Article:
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Effects of combined training with different intensities on vascular health in patients with type 2 diabetes : A 1-year randomized controlled trial. / Magalhães, João P.; Melo, Xavier; Correia, Inês R.; Ribeiro, Rogério T.; Raposo, João; Dores, Hélder; Bicho, Manuel; Sardinha, Luís B.

In: Cardiovascular Diabetology, Vol. 18, No. 1, 34, 18.03.2019.

Research output: Contribution to journalArticle

TY - JOUR

T1 - Effects of combined training with different intensities on vascular health in patients with type 2 diabetes

T2 - A 1-year randomized controlled trial

AU - Magalhães, João P.

AU - Melo, Xavier

AU - Correia, Inês R.

AU - Ribeiro, Rogério T.

AU - Raposo, João

AU - Dores, Hélder

AU - Bicho, Manuel

AU - Sardinha, Luís B.

N1 - info:eu-repo/grantAgreement/FCT/SFRH/SFRH%2FBD%2F85742%2F2012/PT# The authors declare that the research was conducted in the absence of any commercial or fnancial relationships that could be construed as a potential competing interest. JM and RTR are supported by a scholarship from the Portuguese Foundation for Science and Technology (JM grant: SFRH/ BD/85742/2012, RTR grant: SFRH/BPD/110426/2015). This work is also fnanced by a national grant through the FCT—Fundação para a Ciência e Tecnologia within the unit I&D 472 (UID/DTP/00447/2019).

PY - 2019/3/18

Y1 - 2019/3/18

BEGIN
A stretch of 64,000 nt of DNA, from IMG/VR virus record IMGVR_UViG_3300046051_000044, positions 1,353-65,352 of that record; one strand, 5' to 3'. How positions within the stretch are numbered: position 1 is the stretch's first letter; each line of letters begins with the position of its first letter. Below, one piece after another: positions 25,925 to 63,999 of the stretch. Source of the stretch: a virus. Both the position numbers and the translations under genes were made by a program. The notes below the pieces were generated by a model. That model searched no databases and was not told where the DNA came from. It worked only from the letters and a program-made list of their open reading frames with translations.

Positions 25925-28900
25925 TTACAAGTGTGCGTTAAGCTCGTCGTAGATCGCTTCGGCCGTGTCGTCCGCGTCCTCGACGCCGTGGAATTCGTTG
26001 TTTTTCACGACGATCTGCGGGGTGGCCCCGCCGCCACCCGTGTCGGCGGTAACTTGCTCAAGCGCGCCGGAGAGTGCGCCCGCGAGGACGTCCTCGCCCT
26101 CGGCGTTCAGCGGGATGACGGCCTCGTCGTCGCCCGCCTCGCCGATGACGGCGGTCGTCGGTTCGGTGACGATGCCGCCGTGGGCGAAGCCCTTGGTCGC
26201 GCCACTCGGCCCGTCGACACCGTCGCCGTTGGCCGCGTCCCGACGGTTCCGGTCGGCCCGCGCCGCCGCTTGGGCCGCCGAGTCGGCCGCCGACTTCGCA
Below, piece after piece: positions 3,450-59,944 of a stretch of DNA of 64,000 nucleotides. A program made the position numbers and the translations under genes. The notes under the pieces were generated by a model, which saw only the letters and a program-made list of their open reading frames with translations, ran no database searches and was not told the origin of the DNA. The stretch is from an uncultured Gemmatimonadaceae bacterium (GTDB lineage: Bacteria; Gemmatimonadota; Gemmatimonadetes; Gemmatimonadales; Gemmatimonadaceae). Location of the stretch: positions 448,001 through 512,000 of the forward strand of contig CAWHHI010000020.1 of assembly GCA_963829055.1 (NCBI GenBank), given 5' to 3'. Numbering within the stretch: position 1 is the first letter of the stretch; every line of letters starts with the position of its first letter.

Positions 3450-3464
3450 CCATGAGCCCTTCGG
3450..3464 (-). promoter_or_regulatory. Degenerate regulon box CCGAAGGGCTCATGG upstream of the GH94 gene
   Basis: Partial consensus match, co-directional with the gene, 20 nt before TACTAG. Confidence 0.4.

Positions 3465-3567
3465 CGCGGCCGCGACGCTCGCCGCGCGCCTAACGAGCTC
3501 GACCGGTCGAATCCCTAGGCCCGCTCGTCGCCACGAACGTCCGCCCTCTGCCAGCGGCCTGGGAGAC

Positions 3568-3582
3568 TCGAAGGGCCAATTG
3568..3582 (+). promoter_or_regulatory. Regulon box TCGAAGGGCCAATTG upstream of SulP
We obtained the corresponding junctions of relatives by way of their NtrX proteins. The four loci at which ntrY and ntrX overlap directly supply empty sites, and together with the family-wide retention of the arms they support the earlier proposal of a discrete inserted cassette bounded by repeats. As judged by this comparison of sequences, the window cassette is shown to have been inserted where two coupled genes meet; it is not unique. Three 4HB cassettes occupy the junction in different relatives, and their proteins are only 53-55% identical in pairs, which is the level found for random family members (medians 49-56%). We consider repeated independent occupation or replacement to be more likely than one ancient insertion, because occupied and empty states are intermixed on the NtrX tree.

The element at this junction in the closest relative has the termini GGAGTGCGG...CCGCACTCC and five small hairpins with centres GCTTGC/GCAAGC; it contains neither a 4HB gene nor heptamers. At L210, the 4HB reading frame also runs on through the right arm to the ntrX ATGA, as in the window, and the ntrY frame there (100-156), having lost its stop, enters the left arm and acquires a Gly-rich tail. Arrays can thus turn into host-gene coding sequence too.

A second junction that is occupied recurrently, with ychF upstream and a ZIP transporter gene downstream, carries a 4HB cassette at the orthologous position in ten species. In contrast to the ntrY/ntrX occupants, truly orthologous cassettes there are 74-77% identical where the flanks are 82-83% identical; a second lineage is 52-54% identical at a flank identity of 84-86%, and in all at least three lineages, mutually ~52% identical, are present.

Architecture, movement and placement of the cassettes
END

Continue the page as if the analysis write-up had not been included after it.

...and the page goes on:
N2 - Background: Exercise, when performed on a regular basis, is a well-accepted strategy to improve vascular function in patients with type 2 diabetes. However, the exercise intensity that yields maximal adaptations on structural and functional indices in patients with type 2 diabetes remains uncertain. Our objective was to analyze the impact of a 1-year randomized controlled trial of combined high-intensity interval training (HIIT) with resistance training (RT) vs. a combined moderate continuous training (MCT) with RT on structural and functional arterial indices in patients with type 2 diabetes. Methods: Patients with type 2 diabetes (n = 80) were randomized into an exercise intervention with three groups: control, combined HIIT with RT and combined MCT with RT. The 1-year intervention had 3 weekly exercise sessions. High-resolution ultrasonography of the common carotid artery and central and peripheral applanation tonometry were used to assess the changes in structural and functional arterial indices. Generalized estimating equations were used to model the corresponding outcomes. Results: After adjusting the models for sex, baseline moderate-to-vigorous physical activity, and mean arterial pressure changes, while using the intention-to-treat analysis, a significant interaction was observed on the carotid intima-media thickness (cIMT) for both the MCT (β = - 4.25, p < 0.01) and HIIT group (β = - 3.61, p < 0.01). However, only the HIIT observed favorable changes from baseline to 1-year on peripheral arterial stiffness indices such as carotid radial arterial pulse wave velocity (β = - 0.10, p = 0.044), carotid to distal posterior tibial artery pulse wave velocity (β = - 0.14, p < 0.01), and on the distensibility coefficient (β = - 0.00, p < 0.01). No effect was found for hemodynamic variables after the intervention. Conclusions: Following a 1-year intervention in patients with type 2 diabetes, both the MCT and HIIT group reduced their cIMT, whereas only the HIIT group improved their peripheral arterial stiffness indices and distensibility coefficient. Taken together, HIIT may be a meaningful tool to improve long-term vascular complications in type 2 diabetes. Trial registration clinicaltrials.gov ID: NCT03144505